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Bipolar Disorder: Cause Of Great Madness Or Great Genius?

Is bipolar disorder the cause of great madness or great genius? The symptoms of this mental illness may also be considered as the driving forces behind some of the most gifted and talented people to grace our society. Although individuals with this illness may have some obstacles to overcome, it can be accomplished. With all of the treatment programs that are widely available, people have many options and methods to turn to for help.

Bipolar disorder, also referred to as manic depression, is a mood disorder. A person with bipolar disorder will have extreme mood shifts between mania, a state of highly elevated euphoric feelings, and depression, a state of despondency and despair. These shifts can take weeks, days, or even minutes to happen. The period between shifts will vary for each individual, depending on the severity of the disorder (Williams & Wilkins, 1999, pp. 5-35).

Approximately two percent of adults have this mental illness, and about fifteen percent of those adults will attempt suicide. Bipolar disorder affects both men and women and the affected rates are similar between different cultures and countries. Most people with bipolar disorder experience their first mood episode in their twenties, although it is not uncommon to experience the first episode during childhood or in late life (Bi-polar Disorder: Innovative Research in Health, 2000).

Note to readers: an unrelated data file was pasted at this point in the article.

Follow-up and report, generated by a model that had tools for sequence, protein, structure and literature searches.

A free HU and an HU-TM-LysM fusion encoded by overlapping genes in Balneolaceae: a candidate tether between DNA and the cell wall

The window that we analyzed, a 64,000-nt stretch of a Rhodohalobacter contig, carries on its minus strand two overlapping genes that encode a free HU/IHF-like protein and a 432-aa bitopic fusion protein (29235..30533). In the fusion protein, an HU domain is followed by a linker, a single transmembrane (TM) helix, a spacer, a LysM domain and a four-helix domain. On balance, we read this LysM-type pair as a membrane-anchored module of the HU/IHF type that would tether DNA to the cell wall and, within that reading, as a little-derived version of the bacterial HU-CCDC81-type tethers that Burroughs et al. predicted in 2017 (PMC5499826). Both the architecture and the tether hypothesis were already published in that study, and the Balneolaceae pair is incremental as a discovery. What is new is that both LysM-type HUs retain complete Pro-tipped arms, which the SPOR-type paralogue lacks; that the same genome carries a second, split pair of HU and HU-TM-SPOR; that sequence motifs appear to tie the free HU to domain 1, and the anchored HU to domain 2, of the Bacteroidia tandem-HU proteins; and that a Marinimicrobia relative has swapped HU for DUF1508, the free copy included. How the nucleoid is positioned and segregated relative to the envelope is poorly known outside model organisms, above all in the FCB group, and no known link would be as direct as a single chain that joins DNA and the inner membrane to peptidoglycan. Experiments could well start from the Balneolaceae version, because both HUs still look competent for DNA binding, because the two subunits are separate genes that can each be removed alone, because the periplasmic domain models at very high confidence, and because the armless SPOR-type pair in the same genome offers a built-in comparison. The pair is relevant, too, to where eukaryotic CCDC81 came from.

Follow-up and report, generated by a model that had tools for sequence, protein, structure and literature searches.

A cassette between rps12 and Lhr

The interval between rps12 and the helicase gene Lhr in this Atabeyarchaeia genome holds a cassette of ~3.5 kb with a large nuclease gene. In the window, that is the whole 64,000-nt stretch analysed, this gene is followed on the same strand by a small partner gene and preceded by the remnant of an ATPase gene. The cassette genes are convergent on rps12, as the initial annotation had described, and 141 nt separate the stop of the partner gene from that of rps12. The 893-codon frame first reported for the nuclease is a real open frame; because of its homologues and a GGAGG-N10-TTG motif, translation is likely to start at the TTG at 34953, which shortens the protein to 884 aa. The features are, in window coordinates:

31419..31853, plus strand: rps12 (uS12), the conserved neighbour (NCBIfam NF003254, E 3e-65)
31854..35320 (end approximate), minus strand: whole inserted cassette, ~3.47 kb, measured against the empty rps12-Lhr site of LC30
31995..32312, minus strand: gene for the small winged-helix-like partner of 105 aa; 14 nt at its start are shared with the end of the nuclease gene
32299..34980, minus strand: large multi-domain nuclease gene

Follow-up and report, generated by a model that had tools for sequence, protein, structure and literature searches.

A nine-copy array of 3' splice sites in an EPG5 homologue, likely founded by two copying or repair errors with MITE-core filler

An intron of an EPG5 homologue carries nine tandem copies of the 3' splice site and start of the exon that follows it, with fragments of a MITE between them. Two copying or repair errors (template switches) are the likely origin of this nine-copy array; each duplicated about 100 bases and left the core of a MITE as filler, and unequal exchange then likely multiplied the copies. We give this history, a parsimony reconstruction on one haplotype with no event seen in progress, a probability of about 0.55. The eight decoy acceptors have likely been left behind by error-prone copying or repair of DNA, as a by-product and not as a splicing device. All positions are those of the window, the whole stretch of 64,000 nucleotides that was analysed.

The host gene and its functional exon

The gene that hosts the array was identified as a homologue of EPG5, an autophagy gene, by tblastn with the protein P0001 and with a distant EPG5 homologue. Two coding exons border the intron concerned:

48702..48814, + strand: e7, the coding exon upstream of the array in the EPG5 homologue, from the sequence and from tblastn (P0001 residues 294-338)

Bipolar disorder is not a curable disorder, although it is treatable. Bipolar is "among the most treatable of the psychiatric illnesses" (Manic-Depressive/Bipolar Disorder, 2000). It is important for people who believe that they may need help to seek it as soon as possible because the earlier that bipolar disorder can be diagnosed the earlier treatments can start.

Even after experiencing an episode, even after sensing that something may be wrong, individuals who seek help may not initially receive the correct diagnosis from a medical professional. Because of the similarity of symptoms, bipolar disorder may initially be misdiagnosed as panic disorder, schizophrenia, or attention deficit disorder (Bi-polar Disorder: Innovative Research in Health, 2000). Bipolar may also be difficult to diagnose because the person seeking help may not be telling the doctor everything the doctor needs to know to correctly identify the problem. Medical professionals may only diagnose a person as having depressio...

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